of Valet.


Way back in the day, rye whiskey was the spirit of choice for American men. Though it all but disappeared after Prohibition. Bourbon became the brown liquor most likely to be found clinking in your rocks glass. What's the difference? A rye whiskey must contain a mashbill that is at least 51 percent rye (bourbon's mash is corn-based) and aged in charred new oak barrels. It's typically spicier, bolder and more potent than bourbon, which may be why bartenders are pouring more and more of it these days. Here are four small batch bottles worth trying for your own rye renaissance.

Four to Try
Sazerac Rye
90 Proof

Ideal for beginners, this easy-drinking rye has a cherry bourbon-like sweetness mixed with the smoky spice of charred wood.

$33 at Amazon

Templeton Small Batch Rye
80 Proof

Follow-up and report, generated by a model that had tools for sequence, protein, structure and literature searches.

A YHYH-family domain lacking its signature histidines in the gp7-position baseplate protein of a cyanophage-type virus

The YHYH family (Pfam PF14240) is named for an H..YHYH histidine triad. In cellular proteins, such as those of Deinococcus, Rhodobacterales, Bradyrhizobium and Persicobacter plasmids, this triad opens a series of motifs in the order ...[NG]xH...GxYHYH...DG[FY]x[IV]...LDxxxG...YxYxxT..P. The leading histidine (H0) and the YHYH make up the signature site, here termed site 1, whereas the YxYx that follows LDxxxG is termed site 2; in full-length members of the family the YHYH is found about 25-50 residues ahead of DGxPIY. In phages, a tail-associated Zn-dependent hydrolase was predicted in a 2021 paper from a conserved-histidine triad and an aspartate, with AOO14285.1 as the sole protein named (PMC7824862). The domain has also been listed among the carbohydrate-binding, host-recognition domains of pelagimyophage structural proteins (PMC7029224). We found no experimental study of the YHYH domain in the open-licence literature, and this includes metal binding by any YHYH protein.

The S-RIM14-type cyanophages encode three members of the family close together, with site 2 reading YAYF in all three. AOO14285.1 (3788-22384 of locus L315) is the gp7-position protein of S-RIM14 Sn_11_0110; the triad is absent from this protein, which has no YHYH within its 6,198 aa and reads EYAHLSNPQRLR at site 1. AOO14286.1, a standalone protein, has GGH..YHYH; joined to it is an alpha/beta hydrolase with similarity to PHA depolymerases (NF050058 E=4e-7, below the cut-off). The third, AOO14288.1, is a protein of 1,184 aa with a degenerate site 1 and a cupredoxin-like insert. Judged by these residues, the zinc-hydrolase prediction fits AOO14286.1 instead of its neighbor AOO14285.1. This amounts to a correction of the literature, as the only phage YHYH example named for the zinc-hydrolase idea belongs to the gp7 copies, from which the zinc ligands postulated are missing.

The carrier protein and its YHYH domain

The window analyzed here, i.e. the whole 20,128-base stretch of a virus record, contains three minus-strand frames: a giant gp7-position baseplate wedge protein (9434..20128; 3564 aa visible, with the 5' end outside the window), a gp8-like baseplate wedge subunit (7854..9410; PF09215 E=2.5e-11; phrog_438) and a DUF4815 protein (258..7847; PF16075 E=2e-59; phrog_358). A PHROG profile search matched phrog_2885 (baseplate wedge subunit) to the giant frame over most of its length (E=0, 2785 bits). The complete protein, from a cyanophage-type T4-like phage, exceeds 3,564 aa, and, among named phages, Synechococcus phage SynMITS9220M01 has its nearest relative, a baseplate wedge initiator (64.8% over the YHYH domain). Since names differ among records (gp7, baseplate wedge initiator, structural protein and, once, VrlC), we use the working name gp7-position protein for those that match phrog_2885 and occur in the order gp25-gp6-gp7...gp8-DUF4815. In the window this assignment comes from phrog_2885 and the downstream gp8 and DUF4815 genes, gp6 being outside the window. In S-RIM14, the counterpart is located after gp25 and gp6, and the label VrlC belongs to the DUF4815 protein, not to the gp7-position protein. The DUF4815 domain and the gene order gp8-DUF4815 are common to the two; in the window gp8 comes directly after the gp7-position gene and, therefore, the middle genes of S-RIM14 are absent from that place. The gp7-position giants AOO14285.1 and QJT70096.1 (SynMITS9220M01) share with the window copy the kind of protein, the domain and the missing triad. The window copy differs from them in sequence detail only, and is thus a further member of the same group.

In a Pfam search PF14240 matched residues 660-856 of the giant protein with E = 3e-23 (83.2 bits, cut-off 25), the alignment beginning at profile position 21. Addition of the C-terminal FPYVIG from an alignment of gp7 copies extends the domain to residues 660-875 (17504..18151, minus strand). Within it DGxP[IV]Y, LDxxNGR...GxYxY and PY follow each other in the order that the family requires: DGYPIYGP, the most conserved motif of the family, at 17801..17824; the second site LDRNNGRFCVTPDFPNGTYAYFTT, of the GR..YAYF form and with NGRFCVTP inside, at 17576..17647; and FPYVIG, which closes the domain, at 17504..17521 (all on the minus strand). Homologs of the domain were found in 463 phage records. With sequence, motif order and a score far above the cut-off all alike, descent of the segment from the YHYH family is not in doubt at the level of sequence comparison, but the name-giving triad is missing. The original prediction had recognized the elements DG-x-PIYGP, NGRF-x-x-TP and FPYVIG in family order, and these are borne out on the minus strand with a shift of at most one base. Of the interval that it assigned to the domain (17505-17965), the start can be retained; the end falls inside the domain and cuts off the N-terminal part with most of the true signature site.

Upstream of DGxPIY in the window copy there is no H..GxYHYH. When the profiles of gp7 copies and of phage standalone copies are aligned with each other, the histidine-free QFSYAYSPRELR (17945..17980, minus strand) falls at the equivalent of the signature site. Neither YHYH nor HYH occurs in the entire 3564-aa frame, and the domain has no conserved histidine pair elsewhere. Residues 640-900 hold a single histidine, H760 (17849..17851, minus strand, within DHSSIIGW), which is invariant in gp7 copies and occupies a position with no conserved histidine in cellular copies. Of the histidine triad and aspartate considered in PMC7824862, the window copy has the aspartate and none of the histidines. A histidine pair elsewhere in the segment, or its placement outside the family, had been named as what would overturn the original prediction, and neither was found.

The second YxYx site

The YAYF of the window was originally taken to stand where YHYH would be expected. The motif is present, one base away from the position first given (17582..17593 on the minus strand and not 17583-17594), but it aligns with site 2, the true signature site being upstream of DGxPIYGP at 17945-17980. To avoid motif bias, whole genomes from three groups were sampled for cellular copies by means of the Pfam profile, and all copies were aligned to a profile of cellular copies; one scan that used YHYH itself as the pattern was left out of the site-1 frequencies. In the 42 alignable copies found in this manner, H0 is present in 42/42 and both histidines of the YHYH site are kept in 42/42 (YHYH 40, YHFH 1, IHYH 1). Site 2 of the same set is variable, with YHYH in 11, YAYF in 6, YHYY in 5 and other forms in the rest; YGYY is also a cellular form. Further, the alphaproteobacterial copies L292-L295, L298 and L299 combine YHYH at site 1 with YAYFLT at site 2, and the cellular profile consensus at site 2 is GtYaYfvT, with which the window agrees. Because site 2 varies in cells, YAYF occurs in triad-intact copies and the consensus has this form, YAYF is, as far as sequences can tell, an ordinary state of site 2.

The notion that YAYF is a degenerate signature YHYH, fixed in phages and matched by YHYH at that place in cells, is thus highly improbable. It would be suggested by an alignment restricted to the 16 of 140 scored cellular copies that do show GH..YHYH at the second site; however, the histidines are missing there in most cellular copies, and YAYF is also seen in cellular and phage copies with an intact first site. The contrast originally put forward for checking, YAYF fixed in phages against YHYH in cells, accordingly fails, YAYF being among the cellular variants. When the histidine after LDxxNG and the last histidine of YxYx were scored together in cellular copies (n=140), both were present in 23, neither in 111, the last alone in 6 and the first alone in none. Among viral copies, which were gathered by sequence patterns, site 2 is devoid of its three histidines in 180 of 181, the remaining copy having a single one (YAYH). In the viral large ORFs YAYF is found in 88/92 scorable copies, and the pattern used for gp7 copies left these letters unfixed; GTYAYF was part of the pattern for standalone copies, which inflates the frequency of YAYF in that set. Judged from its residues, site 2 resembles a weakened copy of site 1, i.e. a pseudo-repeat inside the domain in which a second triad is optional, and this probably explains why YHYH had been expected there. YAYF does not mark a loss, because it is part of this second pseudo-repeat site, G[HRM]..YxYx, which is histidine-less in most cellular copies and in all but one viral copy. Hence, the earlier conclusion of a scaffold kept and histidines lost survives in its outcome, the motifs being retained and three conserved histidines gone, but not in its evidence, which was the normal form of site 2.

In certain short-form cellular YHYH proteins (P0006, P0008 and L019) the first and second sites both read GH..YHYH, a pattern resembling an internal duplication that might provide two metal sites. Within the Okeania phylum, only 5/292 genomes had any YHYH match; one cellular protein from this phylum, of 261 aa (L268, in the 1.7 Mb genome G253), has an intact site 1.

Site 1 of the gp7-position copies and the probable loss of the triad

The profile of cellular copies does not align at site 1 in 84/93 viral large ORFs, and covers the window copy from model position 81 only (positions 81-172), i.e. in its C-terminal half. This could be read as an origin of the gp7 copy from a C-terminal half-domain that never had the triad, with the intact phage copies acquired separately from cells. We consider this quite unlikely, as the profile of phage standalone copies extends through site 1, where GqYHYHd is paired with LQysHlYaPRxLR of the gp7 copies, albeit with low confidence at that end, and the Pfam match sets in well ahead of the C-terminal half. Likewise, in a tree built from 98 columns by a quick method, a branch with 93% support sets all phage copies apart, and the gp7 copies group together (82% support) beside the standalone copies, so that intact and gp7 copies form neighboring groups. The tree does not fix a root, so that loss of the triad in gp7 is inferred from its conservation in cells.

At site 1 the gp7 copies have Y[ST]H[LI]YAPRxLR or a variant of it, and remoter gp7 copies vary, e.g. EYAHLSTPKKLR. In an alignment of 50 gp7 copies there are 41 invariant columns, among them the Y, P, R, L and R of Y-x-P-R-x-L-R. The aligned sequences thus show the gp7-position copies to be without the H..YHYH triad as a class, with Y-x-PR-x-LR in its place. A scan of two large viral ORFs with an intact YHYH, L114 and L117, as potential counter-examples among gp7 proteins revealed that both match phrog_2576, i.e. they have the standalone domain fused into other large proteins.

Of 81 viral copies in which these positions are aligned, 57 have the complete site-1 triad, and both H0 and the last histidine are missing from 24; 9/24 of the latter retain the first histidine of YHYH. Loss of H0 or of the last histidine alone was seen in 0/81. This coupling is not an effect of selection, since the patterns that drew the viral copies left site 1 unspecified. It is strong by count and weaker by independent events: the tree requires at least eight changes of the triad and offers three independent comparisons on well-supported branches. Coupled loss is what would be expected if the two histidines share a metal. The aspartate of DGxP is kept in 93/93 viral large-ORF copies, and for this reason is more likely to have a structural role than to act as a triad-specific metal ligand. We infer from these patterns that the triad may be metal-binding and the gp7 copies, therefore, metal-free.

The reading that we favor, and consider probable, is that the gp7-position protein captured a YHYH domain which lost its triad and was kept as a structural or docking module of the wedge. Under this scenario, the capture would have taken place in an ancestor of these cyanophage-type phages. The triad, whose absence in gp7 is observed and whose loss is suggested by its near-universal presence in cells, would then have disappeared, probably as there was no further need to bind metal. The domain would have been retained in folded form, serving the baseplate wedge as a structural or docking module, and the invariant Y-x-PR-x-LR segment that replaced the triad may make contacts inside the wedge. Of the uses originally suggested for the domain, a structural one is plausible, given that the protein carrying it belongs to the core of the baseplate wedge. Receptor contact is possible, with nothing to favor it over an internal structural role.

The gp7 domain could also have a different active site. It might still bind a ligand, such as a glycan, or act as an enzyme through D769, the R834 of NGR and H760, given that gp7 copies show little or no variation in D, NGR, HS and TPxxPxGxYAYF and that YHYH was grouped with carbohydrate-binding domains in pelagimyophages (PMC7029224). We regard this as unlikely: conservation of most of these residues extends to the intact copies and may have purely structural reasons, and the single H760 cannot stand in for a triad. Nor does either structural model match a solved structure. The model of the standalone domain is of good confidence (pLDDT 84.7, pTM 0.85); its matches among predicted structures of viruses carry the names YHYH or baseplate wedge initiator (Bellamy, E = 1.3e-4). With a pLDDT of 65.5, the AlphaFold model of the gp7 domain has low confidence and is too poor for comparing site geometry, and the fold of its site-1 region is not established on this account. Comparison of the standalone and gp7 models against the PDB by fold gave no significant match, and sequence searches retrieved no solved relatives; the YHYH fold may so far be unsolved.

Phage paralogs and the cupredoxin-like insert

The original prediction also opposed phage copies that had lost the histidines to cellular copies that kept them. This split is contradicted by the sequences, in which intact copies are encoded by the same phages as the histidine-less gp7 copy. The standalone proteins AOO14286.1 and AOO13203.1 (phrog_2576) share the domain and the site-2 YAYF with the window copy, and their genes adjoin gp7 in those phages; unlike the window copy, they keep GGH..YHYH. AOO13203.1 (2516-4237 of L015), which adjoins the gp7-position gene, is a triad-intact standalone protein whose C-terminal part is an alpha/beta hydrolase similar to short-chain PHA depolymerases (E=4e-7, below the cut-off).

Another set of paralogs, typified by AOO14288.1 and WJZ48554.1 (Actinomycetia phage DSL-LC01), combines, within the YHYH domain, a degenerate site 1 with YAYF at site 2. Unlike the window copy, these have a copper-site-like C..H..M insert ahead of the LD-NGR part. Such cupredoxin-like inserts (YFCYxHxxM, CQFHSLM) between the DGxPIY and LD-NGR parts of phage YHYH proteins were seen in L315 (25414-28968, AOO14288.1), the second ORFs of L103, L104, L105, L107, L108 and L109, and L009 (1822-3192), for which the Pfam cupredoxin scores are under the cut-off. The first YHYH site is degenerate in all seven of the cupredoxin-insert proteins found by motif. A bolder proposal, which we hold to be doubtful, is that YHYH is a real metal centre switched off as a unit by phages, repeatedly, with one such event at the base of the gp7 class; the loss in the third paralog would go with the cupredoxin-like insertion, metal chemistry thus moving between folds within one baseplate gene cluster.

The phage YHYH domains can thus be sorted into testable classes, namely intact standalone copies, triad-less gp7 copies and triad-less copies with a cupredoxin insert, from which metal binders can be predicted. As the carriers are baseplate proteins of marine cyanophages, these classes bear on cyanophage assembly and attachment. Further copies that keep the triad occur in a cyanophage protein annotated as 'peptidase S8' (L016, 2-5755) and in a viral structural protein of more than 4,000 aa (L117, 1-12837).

Still made in small batches in Iowa, this Prohibition-era recipe is surprisingly smooth. Woody, with a touch of brown sugar.

$40 at BevMo

Hudson Manhattan Rye
92 Proof

Using local grain, this has a recognizable rye edge. But the initial heat is tempered with a cocoa and floral finish.

$48 at Cask

High West Double Rye
92 Proof

A spicy mix of two rye whiskeys (one young, one older) with a kick of cinnamon and clove and a soft underbelly of caramel.

$35 at Mel & Rose

    Al Capone regularly drank Templeton rye and according to legend, even had it smuggled into Alcatraz.